Simplified design method

Considering the load-bearing capacity of the joint action of profile and concrete, the calculation of the bearing capacity of the PEC column is carried out by using the superposition method, where the carrying capacity of the concrete is added to the carrying capacity of the profile by the following formulae26:

$$ N_{u} = 0.85A_{C} f_{C} + A_{a} f_{a} $$

where 0.85 is the strength discount factor, \({A}_{C}\) is the concrete cross-sectional area, \({f}_{C}\) is concrete axial compressive strength, \({A}_{a}\) is the section area of the steel section, \({f}_{a}\) is the yield strength of the steel section, \({f}_{c}=0.67{f}_{cu}\), where \({f}_{cu}\) is the concrete cubic compressive strength, Nu is the load-carrying capacity of PEC column without web opening;

For the link, the load carrying-capacity is as Eq. (3)27

$$ P_{sv} = 0.43A_{sv} \sqrt {f_{c} E}_{c} $$

where \(P_{sv}\) is the load carrying-capacity provided by a single link, \(A_{sv}\) is the cross sectional area of the link, \(f_{c}\) is concrete axial compressive strength, \(E_{s}\) is the modulus of elasticity of the concrete.

In Liu's experiments28, the integral method was used to discount the web-opening PEC members, while in the present experiments the discount factor was improved and the load-bearing capacity of each part was calculated separately. Based on the experimental data, the opening rate reduction factor \(f({\upgamma })\), the opening shape factor reduction factor \(f({\upbeta })\) were fitted as follows, finally the curves are shown in Fig. 14.

$$ f(\gamma ) = 1.098 - 0.98e^{{\frac{\gamma }{12.47}}} $$
$$ f(\beta ) = - 0.53e^{{\frac{ - \beta }{{0.36}}}} + 0.984 $$

where \(\gamma\) is the opening rate, depending on the number of internal angles of each opening shape, \(\beta\) is related as Eq. (6).

$$ \beta = \frac{n - 2}{n},n \ge 3 $$

where \(f({\upbeta })\) is the opening shape discount factor, \(f({\upgamma })\) is the opening rate discount factor.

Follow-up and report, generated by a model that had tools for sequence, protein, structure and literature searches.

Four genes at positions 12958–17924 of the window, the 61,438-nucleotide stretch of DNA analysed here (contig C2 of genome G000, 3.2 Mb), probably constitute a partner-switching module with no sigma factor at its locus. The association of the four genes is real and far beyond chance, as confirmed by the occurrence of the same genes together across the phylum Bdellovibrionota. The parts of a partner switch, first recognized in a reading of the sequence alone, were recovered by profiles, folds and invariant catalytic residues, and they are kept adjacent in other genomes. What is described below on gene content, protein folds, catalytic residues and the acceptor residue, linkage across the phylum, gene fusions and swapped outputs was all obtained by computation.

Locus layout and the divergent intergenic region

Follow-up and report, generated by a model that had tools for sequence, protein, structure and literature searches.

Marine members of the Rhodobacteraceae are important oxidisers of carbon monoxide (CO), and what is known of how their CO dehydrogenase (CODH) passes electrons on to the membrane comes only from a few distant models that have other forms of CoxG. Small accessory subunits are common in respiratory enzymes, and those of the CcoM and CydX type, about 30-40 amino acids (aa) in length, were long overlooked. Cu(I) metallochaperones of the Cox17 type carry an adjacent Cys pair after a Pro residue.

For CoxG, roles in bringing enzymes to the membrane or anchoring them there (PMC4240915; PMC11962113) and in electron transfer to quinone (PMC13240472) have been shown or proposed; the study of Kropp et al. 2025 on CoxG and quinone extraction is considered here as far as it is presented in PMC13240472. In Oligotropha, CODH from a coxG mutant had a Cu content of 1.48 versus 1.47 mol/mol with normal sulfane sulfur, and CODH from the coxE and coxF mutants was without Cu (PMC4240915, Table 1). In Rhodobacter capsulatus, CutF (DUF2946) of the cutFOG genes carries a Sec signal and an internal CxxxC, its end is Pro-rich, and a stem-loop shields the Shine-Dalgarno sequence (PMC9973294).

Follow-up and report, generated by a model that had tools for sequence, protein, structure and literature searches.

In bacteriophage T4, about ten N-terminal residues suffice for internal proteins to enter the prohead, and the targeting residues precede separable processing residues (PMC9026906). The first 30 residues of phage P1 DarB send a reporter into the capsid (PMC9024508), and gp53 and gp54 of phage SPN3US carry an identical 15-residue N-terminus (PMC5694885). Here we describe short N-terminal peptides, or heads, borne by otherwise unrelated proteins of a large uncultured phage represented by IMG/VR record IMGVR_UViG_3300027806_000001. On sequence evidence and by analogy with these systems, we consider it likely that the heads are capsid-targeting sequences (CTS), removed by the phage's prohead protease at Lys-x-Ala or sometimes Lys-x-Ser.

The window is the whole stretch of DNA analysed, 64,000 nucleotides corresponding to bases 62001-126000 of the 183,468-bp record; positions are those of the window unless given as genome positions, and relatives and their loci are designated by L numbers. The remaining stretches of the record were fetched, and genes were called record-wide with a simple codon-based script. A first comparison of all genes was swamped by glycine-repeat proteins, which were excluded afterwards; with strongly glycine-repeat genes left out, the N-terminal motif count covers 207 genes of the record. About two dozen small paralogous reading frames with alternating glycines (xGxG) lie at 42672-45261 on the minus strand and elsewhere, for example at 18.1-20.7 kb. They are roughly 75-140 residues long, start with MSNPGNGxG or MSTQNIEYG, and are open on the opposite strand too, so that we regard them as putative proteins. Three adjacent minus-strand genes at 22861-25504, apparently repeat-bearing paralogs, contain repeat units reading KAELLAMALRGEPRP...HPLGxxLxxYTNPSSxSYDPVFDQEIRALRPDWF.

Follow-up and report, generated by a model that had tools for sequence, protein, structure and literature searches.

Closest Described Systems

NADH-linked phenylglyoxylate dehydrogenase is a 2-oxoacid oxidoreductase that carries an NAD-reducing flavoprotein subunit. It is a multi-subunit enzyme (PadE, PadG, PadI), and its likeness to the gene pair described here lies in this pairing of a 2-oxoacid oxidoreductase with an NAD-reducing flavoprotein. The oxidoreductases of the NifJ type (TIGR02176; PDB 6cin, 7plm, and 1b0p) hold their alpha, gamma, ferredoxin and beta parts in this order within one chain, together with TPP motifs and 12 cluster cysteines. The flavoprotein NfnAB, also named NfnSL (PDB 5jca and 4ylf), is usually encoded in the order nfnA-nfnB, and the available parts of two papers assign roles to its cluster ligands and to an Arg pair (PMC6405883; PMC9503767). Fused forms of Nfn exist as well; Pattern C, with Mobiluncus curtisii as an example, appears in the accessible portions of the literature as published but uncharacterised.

Figure 14
figure 14

Regression curves with coefficients.

The final formula for the axial compressive load capacity of partially encased concrete columns with web opening was derived as Eq. (7). The calculation results are shown in Table 4.

$$ N_{t} = f({\upgamma })f({\upbeta })(0.85A_{c} f_{{\text{c}}} + A_{a} f_{a} ) + \sum\limits_{{}}^{{}} {P_{sv} } $$
Table 4 Comparison of test data and the calculation results.


Within this article, in comparison to the conventional structural form, the PEC column with web opening exhibits a combination of the advantageous properties of steel and concrete, and enhances the performance of the structure through the opening design. By conducting a comprehensive investigation into the impact of varying opening parameters on column performance and proposing novel opening design parameters, this study introduces novel insights and methodologies for research and application in this field. Focusing on the effect of opening shape, opening rate, concrete strength and other factors on the columns. The study had come to the below conclusions:

  1. (1)

    The damage modes of the PEC columns with web opening were the crushing of concrete and local buckling of the flange, accompanied by the generation of cracks in the holes and the falling of concrete fragments.

  2. (2)

    Although the web opening reduced the load-carrying capacity of the column due to the stress concentration phenomenon, it saved steel to a certain extent and would have a certain development prospect in the future.

  3. (3)

    The load-carrying capacity of the columns with circular holes in the web was slightly lower compared to that of the solid web column, which was within acceptable limits, whereas the hexagonal holes and square holes reduced the load-carrying capacity by a relatively large amount.

  4. (4)

    As the opening rate increased, the ultimate load-carrying capacity of the columns gradually decreased. Two circular holes in the web of the member column with an 11.7% opening rate had the best mechanical performance.

  5. (5)

    The superposition method was adopted to compute the ultimate load-carrying capacity of PEC composite columns with web opening, besides the web opening discount factor and the opening shape discount factor were implemented to calculate the ultimate load-carrying capacity.

  6. (6)

    The objective of this study is to examine the impact of various opening shapes, sizes, and positions on the performance of the PEC columns with web opening. The goal is to identify the optimal design parameters for openings through a combination of experimental investigations and numerical simulations.

  7. (7)

    Further research into the fire resistance of the PEC column with web opening is warranted to explore the influence of these openings on column stability and durability in fire scenarios. Additionally, potential applications of refractory materials and green concrete should be investigated.